Jersey Airport is entering the biggest period of change in decades.
With travel restrictions easing from Monday 26 April, staff at the airport are preparing for the return of passengers in significant numbers.
The business was badly hit during 2020 and a number of positions were lost across the Ports of Jersey.
These jobs are unlikely to return and the airport has been forced to look at the way all of its operations work. It needs to ensure it can function with a reduced number of staff.
As a result, Jersey Airport has introduced a form of multi-skilling, called Integrated Operations.
This means that every employee will be able to take on additional roles during busy or challenging times.
This could mean Air Traffic Controllers, Passenger Service Agents or Firemen could man security areas as well as performing their normal duties.
Back office staff and managers will also take on frontline duties around the terminal as required.
The system will allow the sharing of airport and port staff to man the ferry terminal. They will work around the arrivals and departures of ships, rather than staffing the Elizabeth Terminal full time.
It is believed Jersey Airport is the first of its size to move away from the traditional separate ways of working, to a more joined up approach.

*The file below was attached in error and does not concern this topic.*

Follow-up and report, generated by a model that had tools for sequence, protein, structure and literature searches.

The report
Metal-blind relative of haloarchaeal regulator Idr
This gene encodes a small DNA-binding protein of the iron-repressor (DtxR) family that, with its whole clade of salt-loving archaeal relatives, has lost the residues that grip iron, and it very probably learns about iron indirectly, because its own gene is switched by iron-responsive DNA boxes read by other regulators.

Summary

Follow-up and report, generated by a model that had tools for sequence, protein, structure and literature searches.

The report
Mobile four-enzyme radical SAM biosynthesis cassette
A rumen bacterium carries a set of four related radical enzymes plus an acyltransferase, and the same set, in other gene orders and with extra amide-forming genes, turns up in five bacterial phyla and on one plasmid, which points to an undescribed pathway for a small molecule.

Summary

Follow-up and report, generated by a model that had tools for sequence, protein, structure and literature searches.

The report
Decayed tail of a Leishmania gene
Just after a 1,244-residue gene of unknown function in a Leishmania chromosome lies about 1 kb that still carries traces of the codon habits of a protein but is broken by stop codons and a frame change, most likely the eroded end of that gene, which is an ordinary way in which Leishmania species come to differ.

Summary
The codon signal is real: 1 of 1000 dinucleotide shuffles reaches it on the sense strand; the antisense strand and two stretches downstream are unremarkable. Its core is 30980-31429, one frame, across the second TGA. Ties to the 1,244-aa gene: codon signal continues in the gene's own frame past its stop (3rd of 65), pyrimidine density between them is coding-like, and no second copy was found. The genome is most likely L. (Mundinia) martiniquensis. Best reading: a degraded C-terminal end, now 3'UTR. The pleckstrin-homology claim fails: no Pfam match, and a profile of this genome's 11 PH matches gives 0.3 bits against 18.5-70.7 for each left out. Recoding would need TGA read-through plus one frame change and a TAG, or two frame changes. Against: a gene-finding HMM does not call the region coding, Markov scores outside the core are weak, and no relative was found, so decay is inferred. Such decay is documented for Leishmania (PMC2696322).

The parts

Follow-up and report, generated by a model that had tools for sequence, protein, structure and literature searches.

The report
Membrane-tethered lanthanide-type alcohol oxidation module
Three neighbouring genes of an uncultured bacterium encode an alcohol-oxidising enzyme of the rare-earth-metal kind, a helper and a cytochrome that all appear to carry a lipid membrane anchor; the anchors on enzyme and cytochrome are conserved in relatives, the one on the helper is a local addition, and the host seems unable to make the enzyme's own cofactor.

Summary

The Ports of Jersey say it is a model they expect other airports to follow.
Meanwhile, the quiet period has also allowed the airport to bring forward redecoration and deep cleaning of the terminals. This would otherwise have been "impossible" due to passenger numbers.
It has also been preparing for the arrival of a larger aircraft which will be used by the airline Jet 2 when it commences a number of new routes this summer.
In the run up to restrictions being eased, it has seen passenger numbers start to increase.
Currently, the busiest day of the week has been a Friday with Easyjet, British Airways and Blue Islands departures.
But these three flights represent only a tenth of the number which would normally be expected on a pre-pandemic Friday.
Going forward, there will be new boarding processes introduced. Flights will be called just ahead of departure and there will be less waiting at the gate. This is to reduce the number of people confined in a small space.
Arrivals will still need to complete pre-registration paper work, 48 hours before they land, to avoid lengthy delays entering the island.
In 2019, Jersey Airport had its highest number of passengers in two and a half decades.
But it could be years before similar figures are seen again.
The Airport says it is "hopeful" that it will be a good summer for travel.